Part two of the process shows you artwork and layout ideas. The proposal will outline all of the details your suite could include: handmade papers, silk ribbons, wax seals, and so many other possibilities. This will be your first look at the actual design of your invitations before we begin proofreading them.


No. 03 | Your Vision Comes to Life

Once invitations are thoroughly proofread, we oversee all printing and production of your stationery. We work with professional printers that specialize in printing invitations with letterpress and foil printing. The majority of our digitally printed invitations are printed in our studio using some of the best printers on the market.



Interested in working together?

Name *
Wedding Date
Wedding Date

Choosing the Best Printing Method for Your Wedding Invitations

Choosing the best printing method will depend on when you need your invitations to be delivered, how much you have budgeted, and the design or style you love.

You probably didn’t know, but next to the quantity of invitations you will order, the printing method you choose will influence the cost of your invitations. You’ll quickly be able to know which printing method is right for your project based on cost, timeline, and artwork.

Learn more about when to send your invitations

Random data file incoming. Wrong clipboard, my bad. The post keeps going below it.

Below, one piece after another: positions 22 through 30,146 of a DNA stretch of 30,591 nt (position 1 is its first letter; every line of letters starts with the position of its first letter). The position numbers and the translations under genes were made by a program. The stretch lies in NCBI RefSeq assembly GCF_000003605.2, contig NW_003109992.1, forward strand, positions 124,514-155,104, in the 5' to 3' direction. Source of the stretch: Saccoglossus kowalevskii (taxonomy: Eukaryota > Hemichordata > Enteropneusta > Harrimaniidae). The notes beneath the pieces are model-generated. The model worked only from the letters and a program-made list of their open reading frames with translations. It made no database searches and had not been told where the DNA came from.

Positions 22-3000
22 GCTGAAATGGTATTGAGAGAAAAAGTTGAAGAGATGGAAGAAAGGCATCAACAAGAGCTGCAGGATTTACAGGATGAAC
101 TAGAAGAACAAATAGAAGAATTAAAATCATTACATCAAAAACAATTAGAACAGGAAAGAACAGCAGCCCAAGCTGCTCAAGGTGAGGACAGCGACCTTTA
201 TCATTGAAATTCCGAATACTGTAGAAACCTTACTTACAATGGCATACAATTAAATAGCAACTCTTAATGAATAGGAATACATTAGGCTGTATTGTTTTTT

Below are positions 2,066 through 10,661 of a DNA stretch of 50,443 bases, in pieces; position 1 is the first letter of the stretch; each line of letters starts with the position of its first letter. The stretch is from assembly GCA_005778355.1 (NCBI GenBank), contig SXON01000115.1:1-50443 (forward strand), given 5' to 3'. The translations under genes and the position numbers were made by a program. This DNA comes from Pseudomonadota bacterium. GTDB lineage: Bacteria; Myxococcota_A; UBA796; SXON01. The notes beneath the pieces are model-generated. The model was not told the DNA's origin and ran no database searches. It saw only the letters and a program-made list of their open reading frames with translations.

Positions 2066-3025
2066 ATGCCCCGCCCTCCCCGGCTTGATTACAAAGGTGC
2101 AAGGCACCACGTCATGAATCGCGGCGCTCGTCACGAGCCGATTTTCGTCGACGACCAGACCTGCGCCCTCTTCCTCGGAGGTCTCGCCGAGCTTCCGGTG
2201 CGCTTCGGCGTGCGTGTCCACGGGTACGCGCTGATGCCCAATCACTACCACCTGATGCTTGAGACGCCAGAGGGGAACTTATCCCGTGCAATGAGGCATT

Each printing method has different strengths and weaknesses. Digital printing can look like original artwork, or a long-lost love letter. Letterpress turns into a keepsake, something tangible. Foil printing is truly metallic, and can be printed on so much more than paper.

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Digital Printing

Cost: $
Timeline: 2-4 weeks from approving your final proof
Why do I love it
When digital printing is done on high quality paper, it will look like each piece was done by hand—not printed. We take this into account when designing for a digitally printed invitation suite to make the artwork look like a true work of fine art.

How it works
This method is probably the most familiar to all of us. Put the paper in the printer, and out pops the artwork magically on the page. There’s a little bit more to it though, good digital printing happens when the machine is tuned to perfection. It takes an experienced and watchful eye to customize the settings for each job, and keep them consistent throughout the entire production of your invitation suite. Because of this, we do almost all of our digital printing in-studio to ensure the highest and most consistent quality we can.